AMD’s FidelityFX Super Resolution Boosts Performance Across All GPUs, but Quality Can Take a Hit

AMD’s FidelityFX Super Resolution Boosts Performance Across All GPUs, but Quality Can Take a Hit

Earlier this week, AMD launched FidelityFX Super Resolution (FSR). FidelityFX is nominally AMD’s response to DLSS, and while it works on different principles than Nvidia’s upscaling network, both features are positioned as performance enhancers that can reduce the amount of work your GPU is doing while increasing overall image quality.

FSR is a single-frame spatial upscaler that analyzes a frame for edges and then resolves them in a manner intended to improve image quality over baseline while minimizing jaggies and shimmer. DLSS is an upscaling model that runs on an Nvidia GPU’s tensor cores. Unlike FidelityFX, DLSS does take temporal information into account and trains on 16K images. FSR doesn’t replace whatever AA solution already exists inside of a game, but the fact that it relies on spatial data limits the type of improvements it can offer.

AMD’s FidelityFX Super Resolution Boosts Performance Across All GPUs, but Quality Can Take a Hit

It’s not possible to compare FSR and DLSS in any game right now, because there is no title that supports both standards. Right now, there are seven games available with FSR: 22nd Century Racing Series, Anno 1800, Evel Genius 2, Godfall, Kingshunt, Riftbreaker, and Terminator: Resistance. Twelve additional games are expected to offer support for FSR, either “soon” or possibly at launch: Astergos, Baldur’s Gate, Dota 2, Edge of Eternity, Far Cry 6, Farming Simulator 22, Forspoken, Myst, Necromunda Hired Gun, Resident Evil Village, Swordsman, and Vampire the Masquerade: Blood Hunt.

AMD’s FidelityFX Super Resolution Boosts Performance Across All GPUs, but Quality Can Take a Hit

General opinions are that FSR’s “Ultra Quality” mode works pretty well, but the issues start to become more apparent as you step down through the stack. Eurogamer has some very useful comparison tools — I zoomed in on one of them to make the differences visible. While there’s only a narrow band of leaves visible, the way the bush aligns allows you to easily compare how the FSR mode impacts image quality compared with native resolution.

AMD’s FidelityFX Super Resolution Boosts Performance Across All GPUs, but Quality Can Take a Hit

AMD’s 4K Ultra Quality FSR mode is very similar to native resolution. Both Eurogamer and THG note that it’s a solid model overall, and Eurogamer measured it improving 4K frame rates by no less than 42 percent. Opinions on the lower quality modes are mixed and generally get worse the lower the baseline resolution gets.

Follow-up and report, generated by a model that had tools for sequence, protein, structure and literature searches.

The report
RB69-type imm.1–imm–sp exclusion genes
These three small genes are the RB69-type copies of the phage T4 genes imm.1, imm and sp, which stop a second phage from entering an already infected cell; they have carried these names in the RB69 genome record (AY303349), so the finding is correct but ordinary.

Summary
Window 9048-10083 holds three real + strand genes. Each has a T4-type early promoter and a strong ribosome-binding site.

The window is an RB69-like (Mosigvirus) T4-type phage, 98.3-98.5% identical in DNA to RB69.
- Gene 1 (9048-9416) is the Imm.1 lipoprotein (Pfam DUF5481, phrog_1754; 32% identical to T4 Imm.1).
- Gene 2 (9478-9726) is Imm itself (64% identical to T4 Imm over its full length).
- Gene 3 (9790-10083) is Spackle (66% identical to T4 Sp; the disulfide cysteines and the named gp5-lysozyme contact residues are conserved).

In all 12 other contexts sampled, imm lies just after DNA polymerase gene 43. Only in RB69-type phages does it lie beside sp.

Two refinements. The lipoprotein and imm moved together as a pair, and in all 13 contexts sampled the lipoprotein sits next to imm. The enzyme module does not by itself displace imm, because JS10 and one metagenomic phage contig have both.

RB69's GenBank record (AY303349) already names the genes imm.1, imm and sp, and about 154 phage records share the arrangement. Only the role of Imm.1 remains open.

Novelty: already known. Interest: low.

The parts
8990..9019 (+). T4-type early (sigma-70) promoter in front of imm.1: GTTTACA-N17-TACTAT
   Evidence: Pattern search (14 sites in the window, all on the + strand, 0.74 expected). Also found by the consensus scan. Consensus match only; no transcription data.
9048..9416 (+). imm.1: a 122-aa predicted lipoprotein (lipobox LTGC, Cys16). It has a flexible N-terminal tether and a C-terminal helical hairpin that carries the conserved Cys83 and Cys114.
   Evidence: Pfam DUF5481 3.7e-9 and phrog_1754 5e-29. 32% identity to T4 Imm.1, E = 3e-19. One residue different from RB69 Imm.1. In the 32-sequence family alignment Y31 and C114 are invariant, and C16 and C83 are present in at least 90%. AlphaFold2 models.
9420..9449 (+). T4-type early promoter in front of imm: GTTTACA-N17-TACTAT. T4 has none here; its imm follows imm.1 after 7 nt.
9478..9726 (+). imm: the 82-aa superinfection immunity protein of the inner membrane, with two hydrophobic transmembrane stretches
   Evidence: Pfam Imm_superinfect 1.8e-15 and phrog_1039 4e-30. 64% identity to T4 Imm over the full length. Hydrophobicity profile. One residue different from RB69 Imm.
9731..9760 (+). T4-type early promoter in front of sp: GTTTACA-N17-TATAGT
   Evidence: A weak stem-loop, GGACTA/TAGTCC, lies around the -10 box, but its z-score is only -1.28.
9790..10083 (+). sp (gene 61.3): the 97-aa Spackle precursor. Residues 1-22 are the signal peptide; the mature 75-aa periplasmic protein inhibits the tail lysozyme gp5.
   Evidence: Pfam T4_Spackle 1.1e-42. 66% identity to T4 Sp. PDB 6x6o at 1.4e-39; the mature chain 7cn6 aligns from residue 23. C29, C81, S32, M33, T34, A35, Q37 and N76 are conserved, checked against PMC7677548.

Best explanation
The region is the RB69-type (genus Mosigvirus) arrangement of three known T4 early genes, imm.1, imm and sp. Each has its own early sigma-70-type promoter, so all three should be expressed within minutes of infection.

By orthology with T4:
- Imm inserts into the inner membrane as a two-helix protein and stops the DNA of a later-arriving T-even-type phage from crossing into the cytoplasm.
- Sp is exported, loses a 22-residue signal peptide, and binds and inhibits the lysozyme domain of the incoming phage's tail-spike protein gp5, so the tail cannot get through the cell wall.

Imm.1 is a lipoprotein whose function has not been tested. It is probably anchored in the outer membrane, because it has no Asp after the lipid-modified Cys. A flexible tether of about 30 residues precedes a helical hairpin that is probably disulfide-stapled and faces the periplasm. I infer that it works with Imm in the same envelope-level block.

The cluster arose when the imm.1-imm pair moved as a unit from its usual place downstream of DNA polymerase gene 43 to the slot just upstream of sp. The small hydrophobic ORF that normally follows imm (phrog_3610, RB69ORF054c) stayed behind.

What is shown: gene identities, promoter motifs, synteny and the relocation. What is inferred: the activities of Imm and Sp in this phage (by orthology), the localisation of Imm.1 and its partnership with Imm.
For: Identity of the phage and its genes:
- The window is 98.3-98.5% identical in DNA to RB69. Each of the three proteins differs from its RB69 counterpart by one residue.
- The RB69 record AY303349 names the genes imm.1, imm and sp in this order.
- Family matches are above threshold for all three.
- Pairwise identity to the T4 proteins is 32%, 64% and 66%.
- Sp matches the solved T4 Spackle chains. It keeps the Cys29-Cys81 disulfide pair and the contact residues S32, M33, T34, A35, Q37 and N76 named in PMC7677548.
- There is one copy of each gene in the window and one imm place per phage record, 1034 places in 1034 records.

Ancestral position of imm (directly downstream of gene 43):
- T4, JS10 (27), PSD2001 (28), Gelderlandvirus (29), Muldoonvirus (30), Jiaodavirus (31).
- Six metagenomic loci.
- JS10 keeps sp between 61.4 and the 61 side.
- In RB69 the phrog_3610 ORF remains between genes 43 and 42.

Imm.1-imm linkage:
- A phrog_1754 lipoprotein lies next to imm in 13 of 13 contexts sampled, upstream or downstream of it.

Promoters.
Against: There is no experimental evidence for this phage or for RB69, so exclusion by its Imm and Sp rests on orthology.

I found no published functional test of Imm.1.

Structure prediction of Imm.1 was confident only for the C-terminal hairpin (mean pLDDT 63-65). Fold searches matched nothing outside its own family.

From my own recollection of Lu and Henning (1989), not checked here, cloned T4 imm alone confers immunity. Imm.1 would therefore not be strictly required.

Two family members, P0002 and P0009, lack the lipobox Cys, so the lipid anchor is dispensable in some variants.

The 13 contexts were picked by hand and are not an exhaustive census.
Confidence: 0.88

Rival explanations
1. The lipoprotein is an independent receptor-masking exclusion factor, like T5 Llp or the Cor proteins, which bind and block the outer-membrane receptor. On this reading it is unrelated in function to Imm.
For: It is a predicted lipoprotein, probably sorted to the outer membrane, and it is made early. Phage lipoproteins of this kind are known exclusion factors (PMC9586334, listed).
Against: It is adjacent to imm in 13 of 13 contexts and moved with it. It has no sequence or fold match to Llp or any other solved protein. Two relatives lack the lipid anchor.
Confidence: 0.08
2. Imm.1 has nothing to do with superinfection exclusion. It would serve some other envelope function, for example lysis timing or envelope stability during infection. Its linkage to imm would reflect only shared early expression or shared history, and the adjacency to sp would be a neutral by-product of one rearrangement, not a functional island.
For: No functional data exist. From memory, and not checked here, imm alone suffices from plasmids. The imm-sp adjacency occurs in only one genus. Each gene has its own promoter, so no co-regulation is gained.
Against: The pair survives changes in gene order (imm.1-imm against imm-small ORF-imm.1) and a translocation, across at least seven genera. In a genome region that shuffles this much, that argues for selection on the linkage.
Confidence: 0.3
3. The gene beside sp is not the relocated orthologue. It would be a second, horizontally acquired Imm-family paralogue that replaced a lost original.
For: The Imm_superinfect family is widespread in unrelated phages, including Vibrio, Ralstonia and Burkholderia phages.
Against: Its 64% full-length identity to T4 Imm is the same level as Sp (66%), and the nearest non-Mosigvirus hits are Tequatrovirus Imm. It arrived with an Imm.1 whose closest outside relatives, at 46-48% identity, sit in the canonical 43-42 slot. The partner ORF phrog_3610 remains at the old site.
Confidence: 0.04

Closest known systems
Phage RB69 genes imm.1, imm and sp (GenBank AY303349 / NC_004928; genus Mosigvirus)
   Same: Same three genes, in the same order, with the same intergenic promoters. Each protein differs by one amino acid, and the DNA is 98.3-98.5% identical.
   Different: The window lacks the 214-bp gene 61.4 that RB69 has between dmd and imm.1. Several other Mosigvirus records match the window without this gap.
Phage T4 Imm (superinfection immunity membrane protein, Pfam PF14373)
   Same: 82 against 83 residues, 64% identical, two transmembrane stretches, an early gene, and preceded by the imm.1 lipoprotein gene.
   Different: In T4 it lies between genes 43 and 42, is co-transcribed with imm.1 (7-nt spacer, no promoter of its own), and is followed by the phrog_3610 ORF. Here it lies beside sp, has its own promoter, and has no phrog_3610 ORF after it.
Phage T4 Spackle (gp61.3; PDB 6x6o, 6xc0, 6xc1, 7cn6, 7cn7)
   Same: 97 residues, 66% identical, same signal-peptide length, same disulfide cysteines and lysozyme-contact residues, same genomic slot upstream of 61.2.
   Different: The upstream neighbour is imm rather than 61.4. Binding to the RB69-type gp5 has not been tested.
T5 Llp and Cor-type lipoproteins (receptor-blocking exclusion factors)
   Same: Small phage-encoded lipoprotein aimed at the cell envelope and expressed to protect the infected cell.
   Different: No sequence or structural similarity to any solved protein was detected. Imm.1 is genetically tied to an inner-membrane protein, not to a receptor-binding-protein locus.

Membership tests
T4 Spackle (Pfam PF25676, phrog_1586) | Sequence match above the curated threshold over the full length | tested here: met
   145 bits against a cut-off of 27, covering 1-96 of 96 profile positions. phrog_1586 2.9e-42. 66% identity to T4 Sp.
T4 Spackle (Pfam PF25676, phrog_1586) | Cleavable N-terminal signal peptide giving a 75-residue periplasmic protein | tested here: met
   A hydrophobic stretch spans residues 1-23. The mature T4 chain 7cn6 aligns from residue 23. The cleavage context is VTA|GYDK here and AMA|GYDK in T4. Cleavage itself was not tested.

The goal is obviously for the low-end scaling models to be as good as possible, and AMD will definitely be competing against Nvidia here, but DLSS also loses a great deal of quality as you step down. One of the strengths of FSR, as compared with DLSS, is that it runs on a much wider number of cards. AMD’s RX 500 family and the RX 460 / 470 / 480 all support FSR, as do AMD Vega graphics cards, all Ryzen APUs with integrated graphics, and both the Radeon RX 5000 and RX 6000 family of products. Older Nvidia cards that don’t support DLSS, like the still-popular Pascal cards, can run FSR.

The fact that FSR runs on older GPUs could give it a practical edge over DLSS when you consider the state of the GPU market. There is some indication that GPU prices are starting to drop, but it could still take 5-6 months for prices to return to pre-shortage levels. If the crypto market heats up again or pent-up demand keeps pricing high, it could plausibly take a year or more. When massive floods put most of the world’s hard drive manufacturing capacity under several feet of water, it took two years for prices to return to pre-flood levels. Hopefully, the GPU market would correct more quickly, but that’s not guaranteed.

It’ll be easier to see comparative quality once more games support both standards (assuming any do). AMD will also presumably evolve this capability over time, just as Nvidia has evolved DLSS. Given long-term trends in gaming, it’s difficult to see them doing anything else.

When Nvidia debuted ray tracing, I wondered if there was enough headroom left in modern GPU TDPs to ramp the feature effectively. You can build specialized tensor cores and ray tracing units (Nvidia) or handle the work in your normal GPU cores and just build a lot more of those (AMD), but both companies are burning more power to handle the work.

If GPUs have to continue to add horsepower for both rasterization and ray tracing, it’s going to be even harder to offer meaningful performance improvements. But what if AI upscaling methods could one day be perfected to the point that the amount of die space dedicated to conventional rasterization could drop because no one could realistically see the difference between upscaled 1440p and native 4K?

I suspect technologies like FSR and DLSS are critical to the long-term future of AMD and Nvidia GPUs. They represent the technologies both companies hope to take advantage of in order to deliver better ray tracing in the future without compromising on other aspects of game performance. Both features will likely continue to evolve.

Right now, it looks like FSR may need a bit more time to bake, but the same was absolutely true of Nvidia and DLSS 1.0. It was the second generation of DLSS that really took a quality leap. We’re curious to see how FidelityFX Super Resolution and AMD’s other FidelityFX software packages evolve from here.

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